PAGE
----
Showing posts from January, 2016

Oscars Season: Room

Adapted from Emma Donoghue's novel of the same title, Room revolves around Joy (Brie Larson) and her son Jack (Jacob Tremblay), imprisoned in a cramped, grimy room by "Old Nick" (a character most comparable to the real life psychopath Josef Fritzl). Shut off from the outside world for years, Jack has no idea of the outside world and knows solely of "room," while Joy is all too aware of their sick-minded torturer and the abhorrent life that he has subjected them to.

Larson and Tremblay deliver two of the greatest performances in recent memory and are so completely believable and so completely enveloped in their characters that they elevate Room from a brilliant film to the heady heights of Oscar winning sublimity. The chemistry between the two is perfect to such a degree that the barrier of performance appears to disappear and they are their characters. While Larson is flawless and impressively subtle as Joy's existence seemingly collapses around her and her …

Oscars Season: The Revenant


The Revenant is a feat of the human spirit and pushes the boundaries of possibility, both in its subject matter and its production. A year on from his Oscar victory for Birdman, director Alejandro Gonzalez Inarritu has somehow outdone himself, gathering a stellar cast of actors and subjecting them to some of the harshest of conditions and climates to create a sensory thrill ride that plumbs the very depths of humanity and the overwhelming power of nature. I have never felt as physically exhausted and emotionally drained from a film.
We follow a group of fur traders fleeing from an encroaching army of Native Americans when Hugh Glass (Leonardo DiCaprio) is attacked by a bear and abandoned by the others, leaving him on the brink of death and seeking revenge. The majority of the running time is spent with Glass, as he attempts to survive the harsh American winter and escape from both the French and Native American armies. It is also interesting to note that the film is loo…

Oscars Season: Creed

In 1976, a little known film named Rocky sweeped the 49th Academy Awards, winning best picture and best director to the surprise of the whole world. "How did this low budget project about a rags to riches boxer, fronted by little known actor Sylvester Stallone, steal the limelight from such high profile films as Network and Taxi Driver?" was the question on everyone's lips. Life mirrored art as Rocky the underdog defied the odds and rose to fame...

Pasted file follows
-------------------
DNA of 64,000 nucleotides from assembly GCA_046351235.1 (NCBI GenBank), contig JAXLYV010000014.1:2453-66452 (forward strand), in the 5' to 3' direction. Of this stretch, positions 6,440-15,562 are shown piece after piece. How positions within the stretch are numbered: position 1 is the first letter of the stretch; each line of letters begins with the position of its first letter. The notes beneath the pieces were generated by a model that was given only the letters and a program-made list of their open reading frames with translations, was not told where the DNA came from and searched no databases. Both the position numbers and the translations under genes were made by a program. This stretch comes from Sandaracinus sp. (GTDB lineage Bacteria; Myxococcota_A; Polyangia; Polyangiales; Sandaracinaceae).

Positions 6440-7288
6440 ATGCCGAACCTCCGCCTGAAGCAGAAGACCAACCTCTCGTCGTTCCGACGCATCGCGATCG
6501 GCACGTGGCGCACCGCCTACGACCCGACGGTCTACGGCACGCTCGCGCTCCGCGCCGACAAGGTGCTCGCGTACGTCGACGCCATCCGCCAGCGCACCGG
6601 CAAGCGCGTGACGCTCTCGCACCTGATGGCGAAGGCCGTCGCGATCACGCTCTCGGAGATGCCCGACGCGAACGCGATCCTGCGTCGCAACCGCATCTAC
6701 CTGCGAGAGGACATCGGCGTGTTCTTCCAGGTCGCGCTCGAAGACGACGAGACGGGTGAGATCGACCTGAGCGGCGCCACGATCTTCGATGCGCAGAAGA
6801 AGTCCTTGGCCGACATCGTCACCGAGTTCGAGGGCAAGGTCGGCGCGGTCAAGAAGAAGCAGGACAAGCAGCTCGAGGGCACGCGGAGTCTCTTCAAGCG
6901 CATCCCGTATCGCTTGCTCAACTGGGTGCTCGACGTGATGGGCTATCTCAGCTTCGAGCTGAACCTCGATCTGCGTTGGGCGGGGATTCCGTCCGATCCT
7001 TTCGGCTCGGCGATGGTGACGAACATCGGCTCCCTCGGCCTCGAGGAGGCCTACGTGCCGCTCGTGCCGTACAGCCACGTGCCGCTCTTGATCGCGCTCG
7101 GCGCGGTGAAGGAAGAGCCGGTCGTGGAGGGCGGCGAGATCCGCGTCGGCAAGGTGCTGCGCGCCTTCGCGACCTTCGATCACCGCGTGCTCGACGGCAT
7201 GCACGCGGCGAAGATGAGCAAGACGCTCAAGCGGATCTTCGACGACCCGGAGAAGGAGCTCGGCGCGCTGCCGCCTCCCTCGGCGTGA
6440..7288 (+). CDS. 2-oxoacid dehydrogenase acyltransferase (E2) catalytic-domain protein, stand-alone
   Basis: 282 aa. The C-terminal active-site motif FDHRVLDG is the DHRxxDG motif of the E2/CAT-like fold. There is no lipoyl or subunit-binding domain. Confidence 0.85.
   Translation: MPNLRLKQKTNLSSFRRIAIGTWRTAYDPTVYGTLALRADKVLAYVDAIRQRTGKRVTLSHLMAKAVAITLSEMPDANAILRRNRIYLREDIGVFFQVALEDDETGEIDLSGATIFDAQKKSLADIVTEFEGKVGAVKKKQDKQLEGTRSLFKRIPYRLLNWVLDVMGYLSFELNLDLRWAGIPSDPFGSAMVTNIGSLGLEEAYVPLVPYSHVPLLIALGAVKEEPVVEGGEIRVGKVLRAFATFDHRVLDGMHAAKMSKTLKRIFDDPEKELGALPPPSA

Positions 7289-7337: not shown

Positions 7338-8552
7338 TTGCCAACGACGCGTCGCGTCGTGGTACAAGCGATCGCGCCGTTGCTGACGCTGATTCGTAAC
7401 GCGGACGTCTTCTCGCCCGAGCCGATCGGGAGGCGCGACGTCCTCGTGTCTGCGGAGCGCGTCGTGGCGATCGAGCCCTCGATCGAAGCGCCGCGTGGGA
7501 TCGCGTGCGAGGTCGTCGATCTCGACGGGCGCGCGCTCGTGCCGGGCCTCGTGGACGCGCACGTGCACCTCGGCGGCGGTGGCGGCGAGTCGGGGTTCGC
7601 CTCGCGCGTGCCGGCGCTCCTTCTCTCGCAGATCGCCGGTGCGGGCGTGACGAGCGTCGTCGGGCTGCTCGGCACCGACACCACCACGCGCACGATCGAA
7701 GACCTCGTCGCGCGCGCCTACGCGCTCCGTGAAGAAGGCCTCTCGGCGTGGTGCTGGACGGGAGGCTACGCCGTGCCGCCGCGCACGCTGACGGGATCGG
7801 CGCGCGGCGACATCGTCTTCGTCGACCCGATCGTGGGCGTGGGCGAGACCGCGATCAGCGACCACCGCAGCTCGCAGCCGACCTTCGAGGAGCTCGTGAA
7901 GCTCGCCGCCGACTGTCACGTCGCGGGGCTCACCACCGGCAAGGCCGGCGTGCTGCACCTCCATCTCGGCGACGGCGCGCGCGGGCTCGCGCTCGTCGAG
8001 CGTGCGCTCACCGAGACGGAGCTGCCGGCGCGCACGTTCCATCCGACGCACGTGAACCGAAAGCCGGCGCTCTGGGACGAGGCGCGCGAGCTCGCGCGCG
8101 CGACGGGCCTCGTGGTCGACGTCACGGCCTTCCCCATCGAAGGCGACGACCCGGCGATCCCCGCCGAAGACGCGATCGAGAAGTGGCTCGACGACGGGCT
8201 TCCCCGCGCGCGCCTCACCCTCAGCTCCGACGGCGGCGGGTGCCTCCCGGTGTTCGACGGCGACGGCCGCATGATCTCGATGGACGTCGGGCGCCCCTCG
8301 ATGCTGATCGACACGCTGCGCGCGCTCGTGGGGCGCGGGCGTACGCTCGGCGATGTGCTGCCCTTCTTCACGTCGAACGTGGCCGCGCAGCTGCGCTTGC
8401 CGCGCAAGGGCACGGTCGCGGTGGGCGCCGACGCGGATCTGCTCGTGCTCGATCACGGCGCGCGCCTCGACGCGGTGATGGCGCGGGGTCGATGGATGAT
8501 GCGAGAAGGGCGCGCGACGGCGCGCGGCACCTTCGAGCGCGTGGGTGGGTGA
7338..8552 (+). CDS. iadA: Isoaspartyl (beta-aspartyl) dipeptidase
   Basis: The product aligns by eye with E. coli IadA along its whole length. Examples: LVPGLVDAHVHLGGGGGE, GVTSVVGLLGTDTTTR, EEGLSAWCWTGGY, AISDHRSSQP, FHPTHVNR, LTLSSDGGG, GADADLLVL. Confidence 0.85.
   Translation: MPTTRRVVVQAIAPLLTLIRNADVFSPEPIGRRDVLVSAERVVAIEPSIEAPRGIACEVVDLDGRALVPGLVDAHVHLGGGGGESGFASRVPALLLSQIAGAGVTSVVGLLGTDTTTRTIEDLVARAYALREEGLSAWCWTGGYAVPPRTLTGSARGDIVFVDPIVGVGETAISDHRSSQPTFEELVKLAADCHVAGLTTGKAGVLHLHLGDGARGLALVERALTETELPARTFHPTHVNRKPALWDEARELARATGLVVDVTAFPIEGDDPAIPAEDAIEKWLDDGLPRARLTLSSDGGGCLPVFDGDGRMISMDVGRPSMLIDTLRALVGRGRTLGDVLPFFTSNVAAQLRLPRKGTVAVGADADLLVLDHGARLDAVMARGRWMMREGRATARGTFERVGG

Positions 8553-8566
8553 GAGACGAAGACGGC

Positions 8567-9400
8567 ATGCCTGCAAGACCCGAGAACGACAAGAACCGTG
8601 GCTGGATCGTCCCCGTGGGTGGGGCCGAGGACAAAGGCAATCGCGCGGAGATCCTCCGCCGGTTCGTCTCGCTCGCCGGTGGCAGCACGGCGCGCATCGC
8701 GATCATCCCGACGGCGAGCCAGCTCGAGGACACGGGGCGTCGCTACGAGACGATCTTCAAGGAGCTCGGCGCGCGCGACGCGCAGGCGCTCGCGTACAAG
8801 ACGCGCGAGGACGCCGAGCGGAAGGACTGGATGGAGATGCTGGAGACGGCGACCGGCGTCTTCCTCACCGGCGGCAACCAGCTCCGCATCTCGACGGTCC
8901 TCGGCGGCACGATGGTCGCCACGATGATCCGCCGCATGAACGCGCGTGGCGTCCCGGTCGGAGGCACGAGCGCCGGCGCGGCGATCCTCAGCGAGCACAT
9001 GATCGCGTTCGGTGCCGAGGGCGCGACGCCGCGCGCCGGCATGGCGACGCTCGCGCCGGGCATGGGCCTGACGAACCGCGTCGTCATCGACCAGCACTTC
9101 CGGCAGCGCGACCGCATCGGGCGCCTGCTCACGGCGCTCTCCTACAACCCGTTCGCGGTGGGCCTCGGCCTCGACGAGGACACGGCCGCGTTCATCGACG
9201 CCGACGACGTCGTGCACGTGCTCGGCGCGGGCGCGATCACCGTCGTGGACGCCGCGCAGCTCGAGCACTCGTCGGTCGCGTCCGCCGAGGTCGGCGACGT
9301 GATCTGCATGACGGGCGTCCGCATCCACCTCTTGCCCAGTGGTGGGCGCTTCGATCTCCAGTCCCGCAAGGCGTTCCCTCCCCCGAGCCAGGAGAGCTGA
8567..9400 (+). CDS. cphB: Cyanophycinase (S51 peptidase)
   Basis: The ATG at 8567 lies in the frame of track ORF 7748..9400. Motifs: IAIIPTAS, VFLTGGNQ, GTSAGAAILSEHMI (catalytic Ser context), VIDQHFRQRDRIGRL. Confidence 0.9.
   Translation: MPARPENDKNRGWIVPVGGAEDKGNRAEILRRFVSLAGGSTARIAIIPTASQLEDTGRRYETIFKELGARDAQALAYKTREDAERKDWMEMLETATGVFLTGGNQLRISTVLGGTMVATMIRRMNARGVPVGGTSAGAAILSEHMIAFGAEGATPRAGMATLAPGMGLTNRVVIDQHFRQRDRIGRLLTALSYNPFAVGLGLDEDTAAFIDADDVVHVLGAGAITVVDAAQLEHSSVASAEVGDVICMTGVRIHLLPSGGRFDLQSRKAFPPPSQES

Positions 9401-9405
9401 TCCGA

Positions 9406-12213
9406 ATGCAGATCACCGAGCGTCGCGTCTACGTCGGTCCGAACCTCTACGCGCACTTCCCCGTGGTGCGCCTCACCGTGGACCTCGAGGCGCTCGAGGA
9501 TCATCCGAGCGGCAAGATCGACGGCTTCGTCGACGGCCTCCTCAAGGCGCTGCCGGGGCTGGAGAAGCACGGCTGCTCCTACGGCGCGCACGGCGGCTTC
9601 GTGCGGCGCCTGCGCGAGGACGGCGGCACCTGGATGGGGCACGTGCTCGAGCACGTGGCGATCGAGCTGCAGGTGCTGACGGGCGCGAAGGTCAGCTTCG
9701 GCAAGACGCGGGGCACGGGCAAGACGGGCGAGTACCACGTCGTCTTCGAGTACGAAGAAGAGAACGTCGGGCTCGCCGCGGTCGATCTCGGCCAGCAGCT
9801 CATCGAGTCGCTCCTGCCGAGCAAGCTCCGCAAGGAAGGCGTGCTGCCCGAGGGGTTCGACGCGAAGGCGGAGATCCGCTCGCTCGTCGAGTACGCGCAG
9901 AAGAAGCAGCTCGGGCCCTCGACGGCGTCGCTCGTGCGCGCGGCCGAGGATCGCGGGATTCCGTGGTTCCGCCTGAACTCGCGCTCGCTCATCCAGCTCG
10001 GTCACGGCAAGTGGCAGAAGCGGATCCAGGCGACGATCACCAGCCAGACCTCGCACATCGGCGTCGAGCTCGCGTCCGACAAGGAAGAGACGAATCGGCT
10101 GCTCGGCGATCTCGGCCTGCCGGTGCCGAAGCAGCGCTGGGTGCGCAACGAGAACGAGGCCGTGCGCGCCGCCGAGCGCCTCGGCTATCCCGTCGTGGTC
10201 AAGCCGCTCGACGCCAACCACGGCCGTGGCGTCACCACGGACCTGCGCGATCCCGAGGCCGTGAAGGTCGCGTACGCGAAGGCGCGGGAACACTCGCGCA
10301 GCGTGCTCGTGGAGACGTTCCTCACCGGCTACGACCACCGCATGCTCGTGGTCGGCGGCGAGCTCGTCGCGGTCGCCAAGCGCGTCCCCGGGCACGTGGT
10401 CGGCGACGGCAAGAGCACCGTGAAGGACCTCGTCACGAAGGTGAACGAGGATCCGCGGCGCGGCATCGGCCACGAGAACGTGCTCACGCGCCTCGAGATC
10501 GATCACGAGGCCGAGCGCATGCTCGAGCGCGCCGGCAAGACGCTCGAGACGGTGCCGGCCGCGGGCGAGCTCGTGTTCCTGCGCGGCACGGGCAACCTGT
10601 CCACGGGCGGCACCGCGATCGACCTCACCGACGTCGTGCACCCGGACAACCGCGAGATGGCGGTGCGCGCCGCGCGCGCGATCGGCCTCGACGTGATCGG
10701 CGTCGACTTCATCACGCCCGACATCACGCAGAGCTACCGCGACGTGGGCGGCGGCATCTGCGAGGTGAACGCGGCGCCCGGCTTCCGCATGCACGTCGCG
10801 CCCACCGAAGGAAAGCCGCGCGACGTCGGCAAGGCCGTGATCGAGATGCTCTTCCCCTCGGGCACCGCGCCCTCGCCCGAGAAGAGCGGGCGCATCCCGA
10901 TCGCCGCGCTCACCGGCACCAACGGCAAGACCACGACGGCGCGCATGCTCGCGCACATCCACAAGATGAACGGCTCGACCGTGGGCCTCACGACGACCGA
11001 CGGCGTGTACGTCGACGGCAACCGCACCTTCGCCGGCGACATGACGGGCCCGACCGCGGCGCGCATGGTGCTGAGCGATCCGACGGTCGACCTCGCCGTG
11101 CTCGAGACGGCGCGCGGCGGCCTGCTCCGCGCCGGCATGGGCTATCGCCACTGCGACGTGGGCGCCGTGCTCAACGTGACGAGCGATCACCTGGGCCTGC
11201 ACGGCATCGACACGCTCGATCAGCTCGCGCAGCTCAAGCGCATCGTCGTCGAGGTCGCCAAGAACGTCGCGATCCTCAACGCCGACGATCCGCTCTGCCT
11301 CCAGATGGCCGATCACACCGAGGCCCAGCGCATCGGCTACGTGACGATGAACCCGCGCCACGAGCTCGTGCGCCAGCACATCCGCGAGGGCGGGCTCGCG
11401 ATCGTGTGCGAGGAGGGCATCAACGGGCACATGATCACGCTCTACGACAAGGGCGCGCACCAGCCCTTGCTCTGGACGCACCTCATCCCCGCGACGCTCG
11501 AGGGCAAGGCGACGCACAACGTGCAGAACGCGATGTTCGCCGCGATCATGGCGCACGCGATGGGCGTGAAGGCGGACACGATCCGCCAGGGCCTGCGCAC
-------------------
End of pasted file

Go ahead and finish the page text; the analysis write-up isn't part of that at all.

...40 years later and the story is very different. Four sequels followed in an attempt to capture the original's success but they failed to find success and the box office diminished upon every installment. Up stepped young director Ryan Coogler, promising to offer the series a fresh spin and a new lease of life. Stallone was initially reluctant to return to his much loved character but was convinced by the direction the new film would take...

...Creed follows the illegitimate son of Rocky's infamous rival Apollo Creed, …

You're Next

2011's You're Next is a much welcomed joy, a surprising twist on the by-the-numbers horror formula that delivers shocks and screams with excellent efficiency. The film revolves around the estranged Davison family, who are gathering together in a rural mansion getaway in an attempt to heal the fractures between them. Of course, this is to little success, with arguments soon following and as the tension reaches boiling point, chaos is truly unleashed with deadlier ramifications. 

Much of the film could perhaps best be described as Saw meets The Purge, though that would be doing something of a disservice to director Adam Wingard's creation considering the unoriginality of the latter. The subtle opening heightens the ensuing chaos and brutal gore brilliantly, with the deadly invasion dwarfing the family arguments of before. Strong performances from all mean that every fresh bloodshed holds impact and emphasises the visible destruction of the family. 

However, just as it looks li…